18 Jan

What is Jnana Yoga? Translated, the words mean the Yoga of Knowledge. And what is the knowledge that this Yoga deals with? It is not everyday knowledge - the kind of knowledge that we need to survive in the transactional world, but knowledge of another kind, the knowledge relating to Brahman.

Please note that the word is Brahman, and not Brahmin (as in the caste). The nearest single equivalent word for Brahman in English would be God, but that is grossly inadequate,as we shall see , to describe what Brahman is.

The word God has many connotations, especially for those who have been brought up in the Abrahamic traditions - Christians, Muslims, Jews. And the idea of Brahman is far removed from that. Brahman is not an anthropomorphic God, nor is Brahman a many-limbed God, nor is Justice dispensed by Brahman, and Brahman has nothing whatsoever to do with Heaven or Hell. There is no Saviour and no Prophet associated with Brahman.

Another important point of difference is that Brahman is both the maker of the Universe, and the Universe itself, unlike in the other religious traditions where God is the maker of the Universe.

So we need to keep these differences in mind as we proceed in our exploration of Jnana Yoga, and not imagine that we are going to learn about God. Once that is clearly understood, what follows will be easier to understand.

The word Yoga, of course, refers to a union, a coming together. And in this context, the context of Jnana Yoga, what are the entities that come together? 

If you have sensed what is coming - the idea that the Universal energy is not different from that which animates us, and the coming together of these two entities is the essence of Jnana Yoga - you have already grasped the core of the issue at hand. However, it is one thing to intellectually understand this possibility, and it is another to constantly experience the truth of this insight.

In order to experience this truth, we need to look into ourselves, constantly attempting to deal with the question ;“Who am I?” 

And how do we do this, make this enquiry into ourselves?

Most of us think that we know who we are, we face no identity crisis. When asked who you are, you might answer, for example that you are an engineer, or that you are an Indian, or an American, and so on. All the answers that we come up with refer to our identification with the body, or the mind.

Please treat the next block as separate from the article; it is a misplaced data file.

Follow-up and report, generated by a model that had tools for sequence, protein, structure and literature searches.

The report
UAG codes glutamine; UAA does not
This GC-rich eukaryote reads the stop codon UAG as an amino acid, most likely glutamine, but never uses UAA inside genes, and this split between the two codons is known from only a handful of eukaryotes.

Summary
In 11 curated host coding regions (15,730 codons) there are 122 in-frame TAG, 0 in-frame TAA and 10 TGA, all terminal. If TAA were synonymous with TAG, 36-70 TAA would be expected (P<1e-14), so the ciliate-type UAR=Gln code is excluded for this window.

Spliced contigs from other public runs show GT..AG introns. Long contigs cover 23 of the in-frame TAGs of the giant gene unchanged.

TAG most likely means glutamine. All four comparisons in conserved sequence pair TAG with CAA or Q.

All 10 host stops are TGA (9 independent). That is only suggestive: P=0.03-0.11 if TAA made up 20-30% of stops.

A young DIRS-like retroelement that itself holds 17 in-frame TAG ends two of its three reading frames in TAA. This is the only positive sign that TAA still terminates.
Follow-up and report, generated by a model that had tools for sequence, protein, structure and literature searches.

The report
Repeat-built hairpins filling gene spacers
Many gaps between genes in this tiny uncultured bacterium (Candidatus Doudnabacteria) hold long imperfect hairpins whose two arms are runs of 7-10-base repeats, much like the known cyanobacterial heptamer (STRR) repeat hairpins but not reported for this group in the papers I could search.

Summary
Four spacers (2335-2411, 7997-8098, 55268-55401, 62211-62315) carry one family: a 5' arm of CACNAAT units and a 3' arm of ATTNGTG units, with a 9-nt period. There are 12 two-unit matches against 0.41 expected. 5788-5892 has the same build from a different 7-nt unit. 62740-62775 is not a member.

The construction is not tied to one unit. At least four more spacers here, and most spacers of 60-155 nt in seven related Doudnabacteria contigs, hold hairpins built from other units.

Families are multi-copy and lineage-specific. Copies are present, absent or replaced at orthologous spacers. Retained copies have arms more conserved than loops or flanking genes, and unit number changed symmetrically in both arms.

And the Upanishads constantly question our easy acceptance of this identification, and offer a solution that is quite unlike any other. But the pursuit of this enquiry is difficult, and demands great energy from us. But when we actually deeply sense the falsity of our easy identification with the body and the mind, and the ways in which this identification has led to such sorrow in the world, the energy to enquire within springs up almost automatically.

There is one other key insight regarding Brahman, and this is something that the Upanishads constantly proclaim , and that is the notion that Brahman is only that which is satya, what is true.

The definition of truth, of Satya, and therefore of Brahman, that the Upanishads work on is this: the only truth that we really need to be concerned with is that which is constantly, eternally true, and something that is not subject to change of any kind. This truth is also not something that the mind can grasp, hold on to and use in the everyday world, because this truth, Brahman , is beyond the grasp of the mind.

The traditional Vedic learning method -one which was entirely oral in nature - involves three steps:

  • Sravana” : listening to an exposition of the knowledge in the Upanishads.
  • Manana” : thinking and reflecting on what has been heard. 
  • Nididhyasana” :;the constant and profound meditation on oneself.

In reading thus far, you have been following the first of the three parts of the Vedic learning tradition, “sravana”. 

There is, however, an art to such listening: if you have listened with attention, without letting your mind thoughts interrupt this action, then there can be great benefits, an opening to great possibilities. But if you are listen with your thoughts, looking to find arguments and loopholes, then there is no listening, and “sravana” has not happened.

The Sringeri Sankaracharya, in a discourse, talked humorously about the quality of “sravana”. He said that after one of his talks, a listener approached him and told him that his talk had been very nice, and that he had felt very happy. When the Acharya asked him what it was about the talk that been so nice, he said that he had mentioned his grandson’s name in the course of the talk, and that was why he felt so happy! This was certainly not “sravana”, and it is difficult to imagine that any benefits could have accrued from the time spent listening to the Acharya.

In the pursuit of Brahman (if one can call this enquiry a pursuit), whatever is false - that which is impermanent, keeping in mind the definition of Brahman as that which is true, as satya) has to be discarded, disregarded. This realization is the result of reflecting upon what has been heard (or “manana”).This actual act of constantly giving up that which is impermanent - termed as “neti, neti” in Sanskrit, “not this, not this”  is nidhidyasana or practice, and is the key to the Upanshadic way of discovery of the true nature of one’s self.

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